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Colin Powell joins GOP voices backing Biden at Dems' convention

Colin Powell was hardly the only Republican to get the spotlight during the Democratic convention, and the effects may make a significant difference.
Reception for the U.S. Diplomacy Center Pavilion with Clinton, Kerry, Powell, and Albright
Former Secretary of State Colin Powell speaks during a reception celebrating the completion of U.S. Diplomacy Center Pavilion at the Department of State in on Jan. 10, 2017.Samuel Corum / Anadolu Agency/Getty Images

During his military tenure, Colin Powell did not publicly identify as a member of a political party, but once he was a civilian, he announced his affiliation with the Republican Party. In fact, in 1996, Powell spoke at the Republican national convention, and four years later, he delivered the GOP's keynote address.

But his approach toward electoral politics soon changed. In 2004, Powell did not attend his party's convention, and in 2008, 2012, and 2016, Powell endorsed the Democratic presidential tickets, though he did not speak at any conventions.

Last night, Powell made his first major-party convention appearance in two decades, but it was at the other party's national gathering.

Former Secretary of State Colin Powell delivered a heartfelt endorsement of Joe Biden during day two of the Democratic National Convention on Tuesday, handing the former vice president another boost to his national security bona fides.

"Joe Biden will be a president we will all be proud to salute," the former chairman of the Joint Chiefs of Staff said in a video message. "With Joe Biden in the White House, you will never doubt that he will stand with our friends and stand up to our adversaries -- never the other way around."

In another not-so-subtle shot at Donald Trump, Powell added that Biden "will trust our diplomats and our intelligence community, not the flattery of dictators and despots. He will make it his job to know when anyone dares to threaten us. He will stand up to our adversaries with strength and experience."

A day earlier, those watching the convention saw former Ohio Gov. John Kasich (R), just four years removed from his own GOP presidential campaign, standing at a literal crossroads and voicing support for the Democratic nominee. "I'm a lifelong Republican, but that attachment holds second place to my responsibility to my country," Kasich said.

Viewers then saw a montage of Republicans also voicing their support for Biden. Among them were Christine Todd Whitman, another member of the Bush/Cheney cabinet, and former Rep. Susan Molinari (R-N.Y.), who delivered the keynote address at the Republican Party's 1996 national convention.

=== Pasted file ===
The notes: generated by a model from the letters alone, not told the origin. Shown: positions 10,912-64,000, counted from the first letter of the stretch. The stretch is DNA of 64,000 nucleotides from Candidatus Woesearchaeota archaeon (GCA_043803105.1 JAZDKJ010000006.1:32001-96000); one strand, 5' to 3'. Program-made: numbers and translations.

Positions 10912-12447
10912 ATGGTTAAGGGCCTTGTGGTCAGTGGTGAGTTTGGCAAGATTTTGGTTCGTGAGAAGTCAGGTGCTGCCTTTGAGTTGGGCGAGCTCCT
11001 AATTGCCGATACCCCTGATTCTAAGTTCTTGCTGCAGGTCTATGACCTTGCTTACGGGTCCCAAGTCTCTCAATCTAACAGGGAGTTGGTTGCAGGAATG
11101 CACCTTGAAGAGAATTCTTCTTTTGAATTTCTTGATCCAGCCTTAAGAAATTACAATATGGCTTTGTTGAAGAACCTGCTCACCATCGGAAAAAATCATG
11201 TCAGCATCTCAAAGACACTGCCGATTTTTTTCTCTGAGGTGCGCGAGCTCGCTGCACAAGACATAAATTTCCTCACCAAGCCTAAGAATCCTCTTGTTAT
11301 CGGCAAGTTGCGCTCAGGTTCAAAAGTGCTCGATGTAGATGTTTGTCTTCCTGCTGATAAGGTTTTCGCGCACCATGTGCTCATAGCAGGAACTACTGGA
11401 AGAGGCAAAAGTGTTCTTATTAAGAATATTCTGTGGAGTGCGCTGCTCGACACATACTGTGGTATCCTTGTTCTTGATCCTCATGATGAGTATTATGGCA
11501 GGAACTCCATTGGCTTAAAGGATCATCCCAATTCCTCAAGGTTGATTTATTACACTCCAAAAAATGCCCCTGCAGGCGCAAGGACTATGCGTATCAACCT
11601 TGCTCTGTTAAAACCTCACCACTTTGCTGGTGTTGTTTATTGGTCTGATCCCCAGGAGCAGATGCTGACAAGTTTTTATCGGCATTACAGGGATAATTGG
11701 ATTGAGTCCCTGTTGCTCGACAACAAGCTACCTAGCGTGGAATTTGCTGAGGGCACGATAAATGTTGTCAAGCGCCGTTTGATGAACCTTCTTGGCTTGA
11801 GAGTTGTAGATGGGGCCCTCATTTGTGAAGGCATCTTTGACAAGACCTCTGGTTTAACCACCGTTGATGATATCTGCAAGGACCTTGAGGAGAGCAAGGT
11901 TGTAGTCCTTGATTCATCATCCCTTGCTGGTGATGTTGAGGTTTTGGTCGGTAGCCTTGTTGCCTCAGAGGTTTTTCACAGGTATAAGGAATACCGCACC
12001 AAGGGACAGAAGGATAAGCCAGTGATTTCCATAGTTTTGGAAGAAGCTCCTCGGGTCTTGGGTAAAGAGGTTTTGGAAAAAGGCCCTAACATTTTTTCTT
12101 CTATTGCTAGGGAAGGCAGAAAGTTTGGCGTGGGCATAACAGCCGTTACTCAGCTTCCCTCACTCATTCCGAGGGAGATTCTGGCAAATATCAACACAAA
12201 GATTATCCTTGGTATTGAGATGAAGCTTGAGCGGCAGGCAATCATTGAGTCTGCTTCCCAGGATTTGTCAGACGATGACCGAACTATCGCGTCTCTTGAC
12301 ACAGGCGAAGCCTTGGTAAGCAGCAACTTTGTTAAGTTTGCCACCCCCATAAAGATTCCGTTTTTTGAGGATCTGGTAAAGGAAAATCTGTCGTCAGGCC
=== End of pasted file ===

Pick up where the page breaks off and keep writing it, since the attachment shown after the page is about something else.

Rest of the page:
Every cycle, there are usually a partisan apostate or two -- Georgia's Zell Miller, for example, delivered an unfortunate speech at the GOP convention in 2004 -- but I'm not aware of national party gathering featuring quite so many voices from the other party as what we've seen this week at the Democratic convention.

And for some, especially on the left, this is not an encouraging development. There's a finite amount of time available in the spotlight, the argument goes, and it's a mistake to share that time with people who aren't even Democrats, and who disagree with the party on key issues.

But in an interview with NBC News yesterday, Democratic National Committee Chair Tom Perez made the opposite case. "At the end of the day, what I say respectfully to my friends who say he shouldn't be on the stage is that politics is about arithmetic," Perez argued. "Addition beats subtraction any day of the week."

Rep. Cedric Richmond (D-La.), a national co-chairs of Biden's campaign, made a similar pitch to reporters on Monday. "There are a bunch of people out there, silent Biden voters, Republicans who want to vote for Biden or who will be voting for Biden, and it's important to let them know they're not alone," the Louisiana congressman said. "There are Republican leaders that are voting for Biden [and Kamala] Harris. You make sure that support is known."

It's a persuasive case. I don't imagine there are millions of undecided voters who are carefully following the details of the parties' nominating conventions, but it's quite possible that many of these same voters -- many of whom don't usually vote Democratic -- will hear about the series of high-profile Republicans backing Biden, and it will have an impact.

In effect, the message to these voters is, "A whole lot of Republicans are putting party aside and backing Biden because the country's on a dangerous course under Trump." Will die-hard GOP partisans care? No. Will some voters who lean right but aren't happy with the status quo consider Biden after hearing a bunch of prominent Republicans endorse him? It's a distinct possibility -- and for the Democratic convention organizers, it's worth the modest time investment.